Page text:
To what degree have requirements for typefaces changed in recent years?
Akira Kobayashi: I can best explain by taking Tazugane as an example. The very idea of a ?Japanese typeface to complement Frutiger would have been a non-starter ten years ago when I was managing the Neue Frutiger project with Adrian Frutiger. When I joined Linotype as Type Director in 2001, there was barely any demand for my knowledge of Japanese lettering design. But now I am incorp?orating many East Asian characters. I have to say that the trend has reversed dramatically over the past ten years, much faster than I expected.
Tazugane was really a bolt from the blue – but might that be one of the primary functions of typographers in future – combining alphabets from various cultural heritages together in one font?
Akira Kobayashi: Nowadays it is no longer particularly special for a Latin typeface to incorp?orate Cyrillic or Greek letters. For large companies or for certain brands, it is very important today to support several languages in a unified voice, »voice« being understood to be, of course, not the audible but the visible voice.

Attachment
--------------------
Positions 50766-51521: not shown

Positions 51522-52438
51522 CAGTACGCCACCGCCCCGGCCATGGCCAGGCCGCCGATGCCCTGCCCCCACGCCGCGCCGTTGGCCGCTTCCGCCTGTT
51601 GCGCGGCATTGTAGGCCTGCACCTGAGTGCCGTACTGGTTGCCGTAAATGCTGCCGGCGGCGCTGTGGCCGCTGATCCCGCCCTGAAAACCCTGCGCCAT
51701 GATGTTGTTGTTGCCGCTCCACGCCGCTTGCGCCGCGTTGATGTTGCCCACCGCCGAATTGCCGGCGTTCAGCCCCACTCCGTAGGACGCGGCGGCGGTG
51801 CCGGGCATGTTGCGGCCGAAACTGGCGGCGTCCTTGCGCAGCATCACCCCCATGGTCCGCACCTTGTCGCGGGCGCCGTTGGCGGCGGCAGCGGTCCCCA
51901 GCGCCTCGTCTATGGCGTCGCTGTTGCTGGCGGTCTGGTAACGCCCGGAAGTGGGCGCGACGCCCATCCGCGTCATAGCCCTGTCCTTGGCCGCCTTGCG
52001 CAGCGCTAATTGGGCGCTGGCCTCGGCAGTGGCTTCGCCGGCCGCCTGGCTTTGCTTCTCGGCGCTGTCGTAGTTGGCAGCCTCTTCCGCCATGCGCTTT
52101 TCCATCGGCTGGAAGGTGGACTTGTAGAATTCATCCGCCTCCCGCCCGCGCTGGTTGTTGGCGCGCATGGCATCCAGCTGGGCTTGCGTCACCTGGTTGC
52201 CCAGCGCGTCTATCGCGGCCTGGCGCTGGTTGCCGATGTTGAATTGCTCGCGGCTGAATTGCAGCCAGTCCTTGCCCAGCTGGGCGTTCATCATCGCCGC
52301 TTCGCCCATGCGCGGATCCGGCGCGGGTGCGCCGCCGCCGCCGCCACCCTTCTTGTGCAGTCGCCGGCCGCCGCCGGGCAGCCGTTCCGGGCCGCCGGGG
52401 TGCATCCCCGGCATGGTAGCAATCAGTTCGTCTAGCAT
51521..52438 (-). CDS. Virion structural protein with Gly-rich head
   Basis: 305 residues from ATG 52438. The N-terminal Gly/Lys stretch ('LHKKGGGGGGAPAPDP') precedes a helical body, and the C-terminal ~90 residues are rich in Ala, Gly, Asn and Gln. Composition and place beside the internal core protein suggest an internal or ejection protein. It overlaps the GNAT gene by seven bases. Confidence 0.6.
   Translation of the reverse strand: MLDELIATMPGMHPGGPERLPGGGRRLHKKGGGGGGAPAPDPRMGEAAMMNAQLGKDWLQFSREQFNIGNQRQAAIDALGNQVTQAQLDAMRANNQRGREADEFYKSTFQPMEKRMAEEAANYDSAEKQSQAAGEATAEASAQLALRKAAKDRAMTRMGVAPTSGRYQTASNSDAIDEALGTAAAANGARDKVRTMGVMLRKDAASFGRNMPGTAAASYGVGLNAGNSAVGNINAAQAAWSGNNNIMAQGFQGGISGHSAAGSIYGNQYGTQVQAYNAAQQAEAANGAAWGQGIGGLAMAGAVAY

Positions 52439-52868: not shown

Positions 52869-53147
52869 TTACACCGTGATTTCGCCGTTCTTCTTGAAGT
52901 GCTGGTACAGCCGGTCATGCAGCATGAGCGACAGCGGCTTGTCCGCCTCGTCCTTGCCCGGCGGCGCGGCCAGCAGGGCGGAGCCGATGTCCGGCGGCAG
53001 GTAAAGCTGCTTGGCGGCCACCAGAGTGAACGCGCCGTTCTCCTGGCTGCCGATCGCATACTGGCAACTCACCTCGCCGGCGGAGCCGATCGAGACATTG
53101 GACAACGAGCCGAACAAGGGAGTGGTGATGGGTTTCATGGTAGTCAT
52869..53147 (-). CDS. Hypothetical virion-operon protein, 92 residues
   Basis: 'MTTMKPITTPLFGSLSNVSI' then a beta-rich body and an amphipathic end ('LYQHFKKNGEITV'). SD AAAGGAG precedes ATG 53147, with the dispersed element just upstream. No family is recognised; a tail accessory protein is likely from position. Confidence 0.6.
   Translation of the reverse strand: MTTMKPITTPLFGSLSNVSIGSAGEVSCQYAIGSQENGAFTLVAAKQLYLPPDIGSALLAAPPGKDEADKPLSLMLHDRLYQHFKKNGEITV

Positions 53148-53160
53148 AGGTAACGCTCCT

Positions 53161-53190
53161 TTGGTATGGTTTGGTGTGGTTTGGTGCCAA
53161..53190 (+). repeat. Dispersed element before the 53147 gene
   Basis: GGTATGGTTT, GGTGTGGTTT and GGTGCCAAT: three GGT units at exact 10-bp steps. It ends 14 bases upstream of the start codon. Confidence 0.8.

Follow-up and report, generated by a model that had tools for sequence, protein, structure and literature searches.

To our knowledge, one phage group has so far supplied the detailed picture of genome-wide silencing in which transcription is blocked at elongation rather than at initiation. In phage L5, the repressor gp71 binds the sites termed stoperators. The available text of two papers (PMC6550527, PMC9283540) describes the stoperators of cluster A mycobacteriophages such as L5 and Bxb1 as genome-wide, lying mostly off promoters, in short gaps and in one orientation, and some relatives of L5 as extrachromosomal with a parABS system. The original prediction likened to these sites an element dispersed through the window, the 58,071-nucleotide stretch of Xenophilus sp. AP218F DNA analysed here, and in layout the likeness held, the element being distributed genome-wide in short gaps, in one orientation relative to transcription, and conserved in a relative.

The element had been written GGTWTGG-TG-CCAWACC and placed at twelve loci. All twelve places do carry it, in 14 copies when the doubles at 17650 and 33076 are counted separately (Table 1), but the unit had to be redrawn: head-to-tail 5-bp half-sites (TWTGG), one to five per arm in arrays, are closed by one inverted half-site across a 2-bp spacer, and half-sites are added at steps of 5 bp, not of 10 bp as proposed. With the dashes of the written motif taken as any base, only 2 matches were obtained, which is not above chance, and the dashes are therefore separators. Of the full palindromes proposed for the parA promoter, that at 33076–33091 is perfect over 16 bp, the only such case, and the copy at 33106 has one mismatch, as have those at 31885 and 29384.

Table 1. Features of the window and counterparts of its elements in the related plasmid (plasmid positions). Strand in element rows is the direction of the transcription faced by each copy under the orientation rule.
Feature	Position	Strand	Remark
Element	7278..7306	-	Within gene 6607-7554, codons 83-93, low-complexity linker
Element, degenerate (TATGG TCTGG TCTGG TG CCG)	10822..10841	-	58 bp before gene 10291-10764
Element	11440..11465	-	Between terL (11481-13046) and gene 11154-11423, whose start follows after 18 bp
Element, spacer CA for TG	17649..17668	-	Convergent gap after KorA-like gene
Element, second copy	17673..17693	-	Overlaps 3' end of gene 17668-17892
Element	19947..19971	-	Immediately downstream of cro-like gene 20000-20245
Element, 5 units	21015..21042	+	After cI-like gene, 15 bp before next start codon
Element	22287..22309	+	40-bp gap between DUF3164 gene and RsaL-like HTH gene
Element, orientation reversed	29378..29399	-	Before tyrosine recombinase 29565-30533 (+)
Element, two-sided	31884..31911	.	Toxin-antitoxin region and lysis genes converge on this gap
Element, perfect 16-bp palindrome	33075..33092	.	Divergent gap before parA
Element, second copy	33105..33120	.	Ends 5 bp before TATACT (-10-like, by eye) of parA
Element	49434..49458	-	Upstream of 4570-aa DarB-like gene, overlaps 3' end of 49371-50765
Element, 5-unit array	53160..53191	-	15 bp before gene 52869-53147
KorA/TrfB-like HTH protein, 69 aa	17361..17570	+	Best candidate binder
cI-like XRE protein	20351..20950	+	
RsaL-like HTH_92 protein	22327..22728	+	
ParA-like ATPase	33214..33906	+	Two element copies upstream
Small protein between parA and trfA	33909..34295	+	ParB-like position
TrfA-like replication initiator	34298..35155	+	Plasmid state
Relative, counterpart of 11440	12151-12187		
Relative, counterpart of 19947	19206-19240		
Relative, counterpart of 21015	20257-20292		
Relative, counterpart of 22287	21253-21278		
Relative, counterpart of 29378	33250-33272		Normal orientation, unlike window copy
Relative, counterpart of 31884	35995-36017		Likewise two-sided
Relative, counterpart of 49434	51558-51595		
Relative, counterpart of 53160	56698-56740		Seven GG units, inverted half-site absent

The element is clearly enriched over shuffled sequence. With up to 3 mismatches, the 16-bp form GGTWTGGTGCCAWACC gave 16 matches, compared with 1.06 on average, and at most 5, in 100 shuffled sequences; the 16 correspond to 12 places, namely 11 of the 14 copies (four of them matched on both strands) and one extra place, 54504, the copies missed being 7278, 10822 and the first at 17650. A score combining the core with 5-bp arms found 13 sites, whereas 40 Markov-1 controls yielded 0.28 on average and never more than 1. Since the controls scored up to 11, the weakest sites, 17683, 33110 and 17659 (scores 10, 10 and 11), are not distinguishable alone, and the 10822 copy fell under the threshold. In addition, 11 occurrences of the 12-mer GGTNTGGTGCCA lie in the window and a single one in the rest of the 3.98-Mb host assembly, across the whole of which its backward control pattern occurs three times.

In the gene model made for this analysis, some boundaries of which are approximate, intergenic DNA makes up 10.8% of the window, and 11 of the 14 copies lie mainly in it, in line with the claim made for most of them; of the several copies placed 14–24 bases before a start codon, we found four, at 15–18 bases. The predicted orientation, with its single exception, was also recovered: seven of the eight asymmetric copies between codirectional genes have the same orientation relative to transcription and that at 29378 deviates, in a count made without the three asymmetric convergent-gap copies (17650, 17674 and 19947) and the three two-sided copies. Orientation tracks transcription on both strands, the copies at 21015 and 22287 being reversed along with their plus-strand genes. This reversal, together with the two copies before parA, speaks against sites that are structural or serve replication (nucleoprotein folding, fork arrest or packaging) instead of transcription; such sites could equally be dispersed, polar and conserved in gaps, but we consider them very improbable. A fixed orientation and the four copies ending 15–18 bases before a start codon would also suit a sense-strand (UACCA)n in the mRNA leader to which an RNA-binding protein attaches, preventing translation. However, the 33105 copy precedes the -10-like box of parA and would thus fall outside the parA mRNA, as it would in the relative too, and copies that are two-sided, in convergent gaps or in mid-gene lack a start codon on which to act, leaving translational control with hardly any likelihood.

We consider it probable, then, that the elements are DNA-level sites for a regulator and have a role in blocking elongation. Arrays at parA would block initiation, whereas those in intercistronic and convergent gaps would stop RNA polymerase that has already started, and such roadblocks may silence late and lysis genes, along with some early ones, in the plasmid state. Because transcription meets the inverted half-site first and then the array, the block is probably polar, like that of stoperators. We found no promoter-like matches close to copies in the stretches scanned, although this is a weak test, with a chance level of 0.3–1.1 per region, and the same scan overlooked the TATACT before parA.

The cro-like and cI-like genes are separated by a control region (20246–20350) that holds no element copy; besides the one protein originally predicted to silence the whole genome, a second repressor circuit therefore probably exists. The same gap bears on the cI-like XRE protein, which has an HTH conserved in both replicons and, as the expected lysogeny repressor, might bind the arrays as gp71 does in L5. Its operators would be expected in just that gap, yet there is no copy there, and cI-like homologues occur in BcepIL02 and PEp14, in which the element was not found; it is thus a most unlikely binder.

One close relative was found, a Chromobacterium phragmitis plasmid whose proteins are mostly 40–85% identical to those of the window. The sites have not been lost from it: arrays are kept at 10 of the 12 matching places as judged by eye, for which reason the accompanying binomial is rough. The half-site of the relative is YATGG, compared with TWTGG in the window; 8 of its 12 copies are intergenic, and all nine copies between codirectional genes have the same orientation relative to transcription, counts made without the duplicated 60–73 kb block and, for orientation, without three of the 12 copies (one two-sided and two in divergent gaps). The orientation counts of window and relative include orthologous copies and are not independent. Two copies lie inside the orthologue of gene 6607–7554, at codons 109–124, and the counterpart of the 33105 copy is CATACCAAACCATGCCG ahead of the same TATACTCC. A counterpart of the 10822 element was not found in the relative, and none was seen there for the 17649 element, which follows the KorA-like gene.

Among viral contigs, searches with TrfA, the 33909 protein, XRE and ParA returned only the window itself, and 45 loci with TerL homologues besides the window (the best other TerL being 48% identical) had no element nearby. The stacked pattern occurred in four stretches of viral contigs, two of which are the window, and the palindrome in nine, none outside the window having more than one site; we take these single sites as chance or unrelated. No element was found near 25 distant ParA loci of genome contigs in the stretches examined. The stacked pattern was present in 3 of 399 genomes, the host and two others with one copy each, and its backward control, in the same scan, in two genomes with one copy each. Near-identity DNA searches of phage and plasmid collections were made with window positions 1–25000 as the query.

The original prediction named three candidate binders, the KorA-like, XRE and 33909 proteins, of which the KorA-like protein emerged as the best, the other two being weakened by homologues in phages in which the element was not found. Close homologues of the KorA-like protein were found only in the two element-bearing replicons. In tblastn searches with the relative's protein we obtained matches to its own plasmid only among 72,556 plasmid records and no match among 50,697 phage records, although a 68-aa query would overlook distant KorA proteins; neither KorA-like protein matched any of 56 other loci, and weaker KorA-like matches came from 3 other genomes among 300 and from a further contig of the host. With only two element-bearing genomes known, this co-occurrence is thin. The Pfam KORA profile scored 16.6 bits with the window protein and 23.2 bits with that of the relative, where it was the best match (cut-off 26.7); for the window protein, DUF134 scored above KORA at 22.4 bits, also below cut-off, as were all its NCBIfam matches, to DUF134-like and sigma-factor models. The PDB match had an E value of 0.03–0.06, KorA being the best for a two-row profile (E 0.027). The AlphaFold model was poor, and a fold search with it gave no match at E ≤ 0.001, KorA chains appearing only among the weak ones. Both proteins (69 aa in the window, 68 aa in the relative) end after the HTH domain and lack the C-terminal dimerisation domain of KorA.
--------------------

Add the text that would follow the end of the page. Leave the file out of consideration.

Our strength at Monotype is certainly our international network of designers, which enables us to depict both western and Asiatic language characters. In future it will become even more important to send information on European brands to Asian countries. I love the idea of information communicated by Latin alphabets and Asian characters juxtaposed in perfect harmony, so that is my aim. We have invested four years developing complementary Chinese (M XiangHe Hei, 2018), Japanese (Tazugane Gothic, 2017) and Korean (Seol Sans, 2018) fonts for Neue Frutiger. A few weeks ago, our Japanese typeface Tazugane Gothic won the 2018 Good Design Award in Japan. I believe that our East/West collaboration is opening up a new era.